[Taxacom] real molecular data

John Grehan jgrehan at sciencebuff.org
Fri Nov 14 06:57:41 CST 2008


Peter,

I think you misunderstand the purpose of my postings. It is not to
convince anyone of anything. Its to provide a gauge to my thinking as I
explore various avenues. I agree, the number of apomorphies per se is
neither here nor there (but the relative number is a different thing). I
have never seen much describing the actual data. I am curious. Perhaps
most are not. 

My principle concern is over the necessary cladistic validity of the
molecular data is the phenetic nature of alignment and the lack of
outgroup taxa to strongly corroborate putative apomorphies. This
convinces me that there are some cladistic problems with molecular data
that may explain why there may be a 'consistent' result in favor of a
human-chimpanzee clade that is cladistically erroneous. Maybe that will
not be convincing to anyone else. Maybe nothing will be. There is a big
industry behind molecular analysis. There is not for morphological
analysis.

Regarding the homoplasy (I presume you are referring to the gibbon
example I mentioned). Since there are so few outgroup taxa I took the
hard line - if the base was in the outgroup it was not a putative
apomorphy. If the molecular outgroup comprised all gibbons and all OW
monkeys (to be comparable to the scope of the morphological outgroup)
and it turned up in only one gibbon then one might argue that the gibbon
occurrence is an independent event. Until then....

John Grehan

-----Original Message-----
From: Hovenkamp, P. (Peter) [mailto:Hovenkamp at nhn.leidenuniv.nl] 
Sent: Friday, November 14, 2008 3:25 AM
To: John Grehan; TAXACOM
Subject: RE: [Taxacom] real molecular data

John,

If you ever want to convince others of your point of view, you can save
yourself the trouble of scanning thousands of positions until your eyes
start to twitch. The only result of this appears to be that you point
out how few apomorphies there are that are completely free of homoplasy.
Dismisssing characters when they show only a single instance of
homoplasy has been briefly in fashion in the late 70's-early 80's - it
was called compatibility analysis then, and was thoroughly discredited
under the name of clique analysis. 

Merits of the method aside - no-one is going to be convinced of your
point of view if that is all you can present as support for it. 


Peter Hovenkamp
Nationaal Herbarium Nederland, Leiden branch www.nationaalherbarium.nl  

> -----Original Message-----
> From: taxacom-bounces at mailman.nhm.ku.edu
> [mailto:taxacom-bounces at mailman.nhm.ku.edu] On Behalf Of John Grehan
> Sent: Thursday, November 13, 2008 6:39 PM
> To: TAXACOM
> Cc: Fetzner, Jim; Colin Groves
> Subject: [Taxacom] real molecular data
> 
> OK - just to prove I am nuts, I scanned every one of 21,507 sequence 
> positions for coding data in the Prasad et al 2008 study (Confirming 
> the phylogeny of mammals by use of large comparative sequence data 
> sets Mol.
> Biol. Evol. 25: 1795-1808). The coding sequences produced (by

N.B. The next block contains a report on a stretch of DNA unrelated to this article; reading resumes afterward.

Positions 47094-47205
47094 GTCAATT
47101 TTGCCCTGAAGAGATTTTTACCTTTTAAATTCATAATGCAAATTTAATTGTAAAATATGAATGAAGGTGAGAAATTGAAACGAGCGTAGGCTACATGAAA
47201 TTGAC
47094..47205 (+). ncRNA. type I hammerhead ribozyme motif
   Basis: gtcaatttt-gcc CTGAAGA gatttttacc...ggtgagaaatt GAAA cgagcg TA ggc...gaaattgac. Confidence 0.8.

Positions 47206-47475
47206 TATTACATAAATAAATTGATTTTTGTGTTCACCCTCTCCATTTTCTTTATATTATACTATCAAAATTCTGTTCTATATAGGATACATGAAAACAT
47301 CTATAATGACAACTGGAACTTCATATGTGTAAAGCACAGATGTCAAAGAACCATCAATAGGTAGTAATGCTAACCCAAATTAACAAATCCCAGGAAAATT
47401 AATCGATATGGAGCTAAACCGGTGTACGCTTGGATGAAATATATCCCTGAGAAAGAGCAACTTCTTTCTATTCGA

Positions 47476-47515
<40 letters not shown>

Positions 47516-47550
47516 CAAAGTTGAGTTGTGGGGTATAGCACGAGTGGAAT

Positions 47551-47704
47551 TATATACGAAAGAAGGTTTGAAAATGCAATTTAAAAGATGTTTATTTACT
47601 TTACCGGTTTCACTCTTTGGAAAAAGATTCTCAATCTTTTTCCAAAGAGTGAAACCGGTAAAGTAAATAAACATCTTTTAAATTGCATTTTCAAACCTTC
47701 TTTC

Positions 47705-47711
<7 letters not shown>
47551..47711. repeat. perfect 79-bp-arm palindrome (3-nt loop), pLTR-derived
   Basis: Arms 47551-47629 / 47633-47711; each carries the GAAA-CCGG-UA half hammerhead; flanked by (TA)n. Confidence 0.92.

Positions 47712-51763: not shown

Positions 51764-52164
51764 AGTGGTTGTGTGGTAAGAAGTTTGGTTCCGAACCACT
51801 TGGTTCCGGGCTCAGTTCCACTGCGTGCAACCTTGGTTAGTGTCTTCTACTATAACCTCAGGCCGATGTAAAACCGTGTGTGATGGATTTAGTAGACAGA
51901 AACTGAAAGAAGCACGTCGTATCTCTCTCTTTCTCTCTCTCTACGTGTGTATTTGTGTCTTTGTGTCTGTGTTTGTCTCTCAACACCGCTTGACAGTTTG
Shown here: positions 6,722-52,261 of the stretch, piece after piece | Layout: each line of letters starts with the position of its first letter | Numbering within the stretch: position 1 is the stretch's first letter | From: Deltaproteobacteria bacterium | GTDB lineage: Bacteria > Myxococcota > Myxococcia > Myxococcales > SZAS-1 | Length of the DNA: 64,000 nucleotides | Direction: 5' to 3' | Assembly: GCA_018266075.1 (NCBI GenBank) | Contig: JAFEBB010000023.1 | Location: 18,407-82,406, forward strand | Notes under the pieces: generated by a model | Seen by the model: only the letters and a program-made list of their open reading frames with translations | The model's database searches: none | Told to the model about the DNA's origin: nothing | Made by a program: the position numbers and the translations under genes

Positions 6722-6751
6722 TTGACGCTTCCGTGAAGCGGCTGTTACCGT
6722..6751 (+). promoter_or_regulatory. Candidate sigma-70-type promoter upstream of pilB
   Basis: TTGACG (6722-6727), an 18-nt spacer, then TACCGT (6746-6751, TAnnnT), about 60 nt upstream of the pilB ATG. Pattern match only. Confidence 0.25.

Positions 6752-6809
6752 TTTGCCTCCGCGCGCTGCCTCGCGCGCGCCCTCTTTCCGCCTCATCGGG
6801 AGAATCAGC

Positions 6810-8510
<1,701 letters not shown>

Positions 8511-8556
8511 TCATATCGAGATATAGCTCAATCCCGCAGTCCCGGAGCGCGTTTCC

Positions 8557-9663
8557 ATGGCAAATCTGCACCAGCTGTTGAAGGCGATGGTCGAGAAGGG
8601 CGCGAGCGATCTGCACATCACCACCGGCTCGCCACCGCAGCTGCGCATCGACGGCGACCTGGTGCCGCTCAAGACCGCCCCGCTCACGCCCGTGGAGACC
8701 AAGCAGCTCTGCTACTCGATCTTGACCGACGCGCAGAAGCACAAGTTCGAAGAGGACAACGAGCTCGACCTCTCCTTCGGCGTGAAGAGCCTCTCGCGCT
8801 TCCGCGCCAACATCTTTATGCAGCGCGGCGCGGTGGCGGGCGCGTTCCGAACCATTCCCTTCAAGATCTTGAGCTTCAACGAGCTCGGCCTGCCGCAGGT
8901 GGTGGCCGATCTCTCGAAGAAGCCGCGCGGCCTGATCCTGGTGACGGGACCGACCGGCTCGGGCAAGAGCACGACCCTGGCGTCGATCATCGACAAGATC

> parsimony
> analysis) a human-chimpanzee clade followed by gorilla and orangutan.
> 
>  
> 
> I found the following (although I admit in advance I may have missed 
> some. I had a twitch in one eye for a while)
> 
>  
> 
> Human-chimp - 2 apomorphic bases
> 
> Human gorilla - 1 apomorphic base
> 
> Human-African ape -  20 apomorphic bases
> 
> Chimp-gorilla - 1 apomorphic base
> 
>  
> 
> These apomorphies were defined as being absent from all other primates

> - in this case only 12 species. In morphology this limited sampling 
> would be usually recognized cladistically as an absurdly small 
> outgroup representation. The outgroup taxa in this case were:
> 
>  
> 
> 1 gibbon
> 
> 1 colobus monkey
> 
> 1 vervet monkey
> 
> 1 baboon
> 
> 1 macaque
> 
> 1 duski titi
> 
> 1 owl monkey
> 
> 1 squirrel monkey
> 
> 1 marmoset
> 
> 1 galago
> 
> 1 mouse lemur
> 
> 1 lemur.
> 
>  
> 
> The best I think that may be said of the molecular evidence supporting

> the human-chimpanzee relationship is that it is 'overwhelming' if one 
> ignores the non-cladistic nature of alignment, and the small outgroup 
> sampling that create apomorphies as an artifact of small outgroup 
> sample size. For example, at site 14,466 there humans and African apes

> share A and that would have been an apomorphy if it were not for the 
> inclusion of that one gibbon where it also turned up.
> 
>  
> 
> So my conclusion is that the molecular claims of proving the 
> human-chimpanzee relationship is more propaganda than science, and 
> more phenetics than cladistics.
> 
>  
> 
> I rest my case (for now).
> 
>  
> 
> John Grehan
> 
>  
> 
> Dr. John R. Grehan
> 
> Director of Science
> 
> Buffalo Museum of Science1020 Humboldt Parkway
> 
> Buffalo, NY 14211-1193
> 
> email: jgrehan at sciencebuff.org
> 
> Phone: (716) 896-5200 ext 372
> 
>  
> 
> Panbiogeography
> 
> http://www.sciencebuff.org/biogeography_and_evolutionary_biology.php
> 
> Ghost moth research
> 
> http://www.sciencebuff.org/systematics_and_evolution_of_hepialdiae.php
> 
> Human evolution and the great apes
> 
> http://www.sciencebuff.org/human_origin_and_the_great_apes.php
> 
>  
> 
>  
> 
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